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Gardening-with-nature

Enjoy ornamental grasses through the winter months

Don't mow low in late fall

Grass, grass everywhere—and I’m not talking about the turf-grass type. Fall is definitely the time of year when ornamental grasses shine.

What poet within us wouldn’t be charmed by the gentle way their seed heads sway in the breeze and dance on the long stalks they’ve been growing all season? Grasses really add movement to your garden—unless you chop them down prematurely.

I recently had the opportunity to consider the importance ornamental grasses hold in our gardens, as I cut down literally hundreds of Calamagrostis x acutiflora “Karl Foerster”, commonly known as Feather Reed grass, at a client’s property.

So often clients want their grasses razed to the ground before the onset of winter as they perceive the standing grasses to be “messy” rather than graceful.

Often, land care providers such as landscapers are all too happy to oblige, as that means one less task facing them in the spring.

Instead of this perverse desire to tidy in the fall, why not take into consideration all the benefits of leaving ornamental grasses over the winter?

From an aesthetic standpoint, ornamental grasses offer important structural interest in the winter garden, looking beautiful alongside the seed heads of perennials which often should also be left standing to enjoy for another season.

As gardeners, let’s remember to switch up the traditional garden tasks and focus our energy at this time of year on planting perennials to begin getting established over fall and winter or planting bulbs for spring colour and forego our cleanup until spring.

Many grasses, such as Miscanthus ssp, Panicum ssp, and Saccharum ravennae, are strong enough to remain upright through the snow, providing vertical interest until being cut down in the spring.

One of the ornamental grasses recently planted at the Okanagan Xeriscape Association demonstration garden by our assistant garden manager Brad Parks is Andropogon “Red October.” I can’t get enough of it.

Parks says he sourced it online and I am going to try to do the same, so we can offer it for purchase at our spring plant sale. It is an absolute stunner.

From an ecological standpoint, there also are many reasons to leave your ornamental grasses standing over the winter. They provide needed habitat for birds and a myriad of other wildlife, as well as for beneficial insects to overwinter. The seed heads of ornamental grasses also provide food for birds, who have to forage widely during the colder months, just to survive.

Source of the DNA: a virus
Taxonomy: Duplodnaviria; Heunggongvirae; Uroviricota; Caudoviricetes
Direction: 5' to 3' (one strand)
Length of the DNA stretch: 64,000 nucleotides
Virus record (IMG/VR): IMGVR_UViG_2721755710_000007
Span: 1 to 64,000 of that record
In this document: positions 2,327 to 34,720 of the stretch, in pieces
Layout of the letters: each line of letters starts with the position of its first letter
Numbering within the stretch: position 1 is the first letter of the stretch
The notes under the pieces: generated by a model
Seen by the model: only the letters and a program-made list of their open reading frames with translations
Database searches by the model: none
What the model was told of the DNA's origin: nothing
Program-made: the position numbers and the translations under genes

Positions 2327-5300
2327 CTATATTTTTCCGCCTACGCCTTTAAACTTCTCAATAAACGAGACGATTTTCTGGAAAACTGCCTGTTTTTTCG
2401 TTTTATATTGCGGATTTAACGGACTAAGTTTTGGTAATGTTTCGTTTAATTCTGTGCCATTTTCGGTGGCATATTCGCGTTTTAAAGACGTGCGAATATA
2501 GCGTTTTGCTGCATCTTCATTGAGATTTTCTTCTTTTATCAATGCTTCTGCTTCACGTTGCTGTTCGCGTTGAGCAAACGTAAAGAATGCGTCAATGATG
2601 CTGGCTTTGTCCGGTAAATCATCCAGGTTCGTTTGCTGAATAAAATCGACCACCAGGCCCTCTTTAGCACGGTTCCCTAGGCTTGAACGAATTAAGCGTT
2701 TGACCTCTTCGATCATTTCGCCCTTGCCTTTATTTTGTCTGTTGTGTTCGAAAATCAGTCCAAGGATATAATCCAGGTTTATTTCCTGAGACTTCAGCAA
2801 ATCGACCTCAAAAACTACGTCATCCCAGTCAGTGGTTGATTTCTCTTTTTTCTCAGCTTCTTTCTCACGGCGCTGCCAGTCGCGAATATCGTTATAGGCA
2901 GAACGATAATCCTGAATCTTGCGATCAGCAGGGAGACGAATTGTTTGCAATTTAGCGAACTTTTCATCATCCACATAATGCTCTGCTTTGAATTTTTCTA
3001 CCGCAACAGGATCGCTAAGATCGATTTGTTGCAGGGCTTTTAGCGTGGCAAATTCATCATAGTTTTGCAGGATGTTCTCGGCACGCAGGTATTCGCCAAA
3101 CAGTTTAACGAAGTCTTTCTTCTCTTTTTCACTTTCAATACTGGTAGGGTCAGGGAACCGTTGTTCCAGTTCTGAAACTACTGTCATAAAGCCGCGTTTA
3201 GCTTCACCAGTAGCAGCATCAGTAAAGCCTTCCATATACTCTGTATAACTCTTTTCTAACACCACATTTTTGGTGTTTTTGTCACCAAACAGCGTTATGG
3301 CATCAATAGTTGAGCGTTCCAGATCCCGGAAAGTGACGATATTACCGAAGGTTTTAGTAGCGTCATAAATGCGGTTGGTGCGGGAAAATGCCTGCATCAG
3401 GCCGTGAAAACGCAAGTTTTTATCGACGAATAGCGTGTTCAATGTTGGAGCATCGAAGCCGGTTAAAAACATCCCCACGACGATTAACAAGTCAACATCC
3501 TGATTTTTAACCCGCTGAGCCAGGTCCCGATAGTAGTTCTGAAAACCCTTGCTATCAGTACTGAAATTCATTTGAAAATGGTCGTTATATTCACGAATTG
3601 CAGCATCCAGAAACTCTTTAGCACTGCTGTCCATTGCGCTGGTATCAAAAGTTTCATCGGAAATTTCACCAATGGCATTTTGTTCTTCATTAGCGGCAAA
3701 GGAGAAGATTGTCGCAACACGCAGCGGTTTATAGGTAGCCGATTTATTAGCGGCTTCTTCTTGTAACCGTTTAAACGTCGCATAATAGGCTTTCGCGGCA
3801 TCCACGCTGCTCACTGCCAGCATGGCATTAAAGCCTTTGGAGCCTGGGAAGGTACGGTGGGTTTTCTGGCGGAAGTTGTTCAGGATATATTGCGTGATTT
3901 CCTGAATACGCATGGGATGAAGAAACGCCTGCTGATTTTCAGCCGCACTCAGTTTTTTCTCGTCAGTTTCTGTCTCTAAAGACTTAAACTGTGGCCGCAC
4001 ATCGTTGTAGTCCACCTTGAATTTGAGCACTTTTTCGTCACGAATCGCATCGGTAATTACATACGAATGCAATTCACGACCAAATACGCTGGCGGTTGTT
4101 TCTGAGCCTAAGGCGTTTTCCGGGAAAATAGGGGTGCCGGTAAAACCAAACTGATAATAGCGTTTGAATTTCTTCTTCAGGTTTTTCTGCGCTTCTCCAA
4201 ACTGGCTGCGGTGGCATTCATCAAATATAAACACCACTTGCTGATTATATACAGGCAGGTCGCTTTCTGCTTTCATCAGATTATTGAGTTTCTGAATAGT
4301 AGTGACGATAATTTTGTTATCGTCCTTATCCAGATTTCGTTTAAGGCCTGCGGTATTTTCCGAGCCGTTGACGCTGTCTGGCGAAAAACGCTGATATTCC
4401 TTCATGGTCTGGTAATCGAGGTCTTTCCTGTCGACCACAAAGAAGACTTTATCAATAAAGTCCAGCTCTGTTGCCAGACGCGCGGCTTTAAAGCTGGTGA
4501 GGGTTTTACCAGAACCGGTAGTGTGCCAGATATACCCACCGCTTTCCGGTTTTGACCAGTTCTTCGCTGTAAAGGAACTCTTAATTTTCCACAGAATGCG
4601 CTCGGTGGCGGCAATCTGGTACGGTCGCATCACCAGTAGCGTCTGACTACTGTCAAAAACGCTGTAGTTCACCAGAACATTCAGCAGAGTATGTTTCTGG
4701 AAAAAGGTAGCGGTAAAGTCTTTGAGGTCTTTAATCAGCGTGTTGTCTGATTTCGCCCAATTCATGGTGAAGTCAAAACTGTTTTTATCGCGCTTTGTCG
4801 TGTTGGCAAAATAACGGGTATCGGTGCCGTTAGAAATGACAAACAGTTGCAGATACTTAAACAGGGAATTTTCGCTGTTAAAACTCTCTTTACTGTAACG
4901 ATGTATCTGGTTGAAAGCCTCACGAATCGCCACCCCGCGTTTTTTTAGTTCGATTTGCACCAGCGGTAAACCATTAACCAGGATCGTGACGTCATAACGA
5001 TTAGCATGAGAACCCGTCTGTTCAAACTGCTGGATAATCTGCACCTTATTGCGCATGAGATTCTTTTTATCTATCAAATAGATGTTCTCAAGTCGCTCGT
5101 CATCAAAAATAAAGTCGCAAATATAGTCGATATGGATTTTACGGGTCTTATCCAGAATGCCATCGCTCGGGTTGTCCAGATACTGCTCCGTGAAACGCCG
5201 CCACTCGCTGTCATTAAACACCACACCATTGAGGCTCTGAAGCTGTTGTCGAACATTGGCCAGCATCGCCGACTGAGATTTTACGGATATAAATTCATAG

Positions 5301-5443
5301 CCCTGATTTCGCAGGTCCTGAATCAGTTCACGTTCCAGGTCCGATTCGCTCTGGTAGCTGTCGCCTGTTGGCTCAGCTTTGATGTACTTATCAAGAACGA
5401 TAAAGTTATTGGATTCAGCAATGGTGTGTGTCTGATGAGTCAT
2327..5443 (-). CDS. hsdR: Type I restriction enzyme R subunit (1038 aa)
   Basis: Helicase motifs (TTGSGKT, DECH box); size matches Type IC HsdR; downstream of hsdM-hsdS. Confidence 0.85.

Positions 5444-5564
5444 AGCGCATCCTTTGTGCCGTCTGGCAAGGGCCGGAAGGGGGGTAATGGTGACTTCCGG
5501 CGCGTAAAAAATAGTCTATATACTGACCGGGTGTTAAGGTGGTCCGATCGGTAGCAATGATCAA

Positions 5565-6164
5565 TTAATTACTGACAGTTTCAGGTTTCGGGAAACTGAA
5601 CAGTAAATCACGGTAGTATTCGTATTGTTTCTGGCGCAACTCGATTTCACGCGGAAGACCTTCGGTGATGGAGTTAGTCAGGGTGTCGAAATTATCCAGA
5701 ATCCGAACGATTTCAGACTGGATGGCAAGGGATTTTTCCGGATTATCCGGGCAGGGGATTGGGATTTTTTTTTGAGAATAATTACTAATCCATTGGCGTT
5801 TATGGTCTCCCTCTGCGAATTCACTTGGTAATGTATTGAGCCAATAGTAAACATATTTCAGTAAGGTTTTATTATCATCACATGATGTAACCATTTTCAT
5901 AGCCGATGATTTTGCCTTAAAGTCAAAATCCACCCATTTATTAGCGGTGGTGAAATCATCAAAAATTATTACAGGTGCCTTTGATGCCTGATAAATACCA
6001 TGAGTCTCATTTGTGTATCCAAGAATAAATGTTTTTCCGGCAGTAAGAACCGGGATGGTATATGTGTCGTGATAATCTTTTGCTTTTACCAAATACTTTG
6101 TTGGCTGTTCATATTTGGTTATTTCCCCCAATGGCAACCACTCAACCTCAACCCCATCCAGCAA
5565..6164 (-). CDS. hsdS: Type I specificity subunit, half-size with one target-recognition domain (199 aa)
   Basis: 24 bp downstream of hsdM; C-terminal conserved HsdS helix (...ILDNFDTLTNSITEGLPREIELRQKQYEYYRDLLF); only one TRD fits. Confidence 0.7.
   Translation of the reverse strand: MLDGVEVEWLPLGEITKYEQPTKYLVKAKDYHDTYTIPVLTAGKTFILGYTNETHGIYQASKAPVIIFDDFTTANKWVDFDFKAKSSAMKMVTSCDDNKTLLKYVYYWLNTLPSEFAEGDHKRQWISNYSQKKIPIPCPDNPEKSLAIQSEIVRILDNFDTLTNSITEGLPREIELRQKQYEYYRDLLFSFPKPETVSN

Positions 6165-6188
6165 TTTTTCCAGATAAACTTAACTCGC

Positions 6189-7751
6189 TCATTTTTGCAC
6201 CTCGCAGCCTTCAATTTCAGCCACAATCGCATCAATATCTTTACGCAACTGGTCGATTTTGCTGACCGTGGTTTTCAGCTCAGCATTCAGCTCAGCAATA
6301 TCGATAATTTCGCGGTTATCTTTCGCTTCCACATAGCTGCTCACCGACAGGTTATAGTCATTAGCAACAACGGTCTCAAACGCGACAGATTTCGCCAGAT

They also provide great erosion prevention and slope stability, especially where wildfire has run through the previous season.

The time to shear your ornamental grasses is when you begin to see new growth at the base sometime in spring. Then, don’t toss out the cut grass. Instead, find a spot in your yard where it will be out of your way, but will provide valuable habitat for beneficial insects.

Remember too the fallen leaves from deciduous trees should also be left where they fall, rather than being neatly raked up and composted elsewhere in the fall. Those rotting leaves are like gold to a gardener as they provide habitat for insects and wildlife while they decompose over winter. They also suppress weed growth and protect the roots of perennials over winter and what’s left can be gently dug into the soil come spring. So, leave the leaves.

The Okanagan Xeriscape Association is grateful for the ongoing financial support of the Okanagan Basin Water Board and is proud to be collaborating with them on their Make Water Work campaign.

Sigrie Kendrick is a master gardener and executive-director of the non-profit Okanagan Xeriscape Association and can be reached at 778-363-8360 or by email at [email protected].

This article is written by or on behalf of an outsourced columnist and does not necessarily reflect the views of Castanet.



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About the Author

I inherited my passion for gardening from my Australian grandfather, a renowned rose breeder in New South Wales. My interest in water conservation started early after a childhood spent growing up in the desert of Saudi Arabia, when a day of rain was cause for a national holiday.

After meeting Gwen Steele, co-founder of the OXA through the master gardener program, I became passionate about promoting xeriscape. I joined the OXA board as a director in 2015 and became executive director in 2019.

When not promoting the principles of xeriscape and gardening for clients throughout the valley, I can be found on a rural property outside of Kelowna where I harvest thousands of litres of rainwater with which to water my own xeriscape gardens.

Connect with me at [email protected].

Visit the website at: www.okanaganxeriscape.org

 



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The views expressed are strictly those of the author and not necessarily those of Castanet. Castanet does not warrant the contents.

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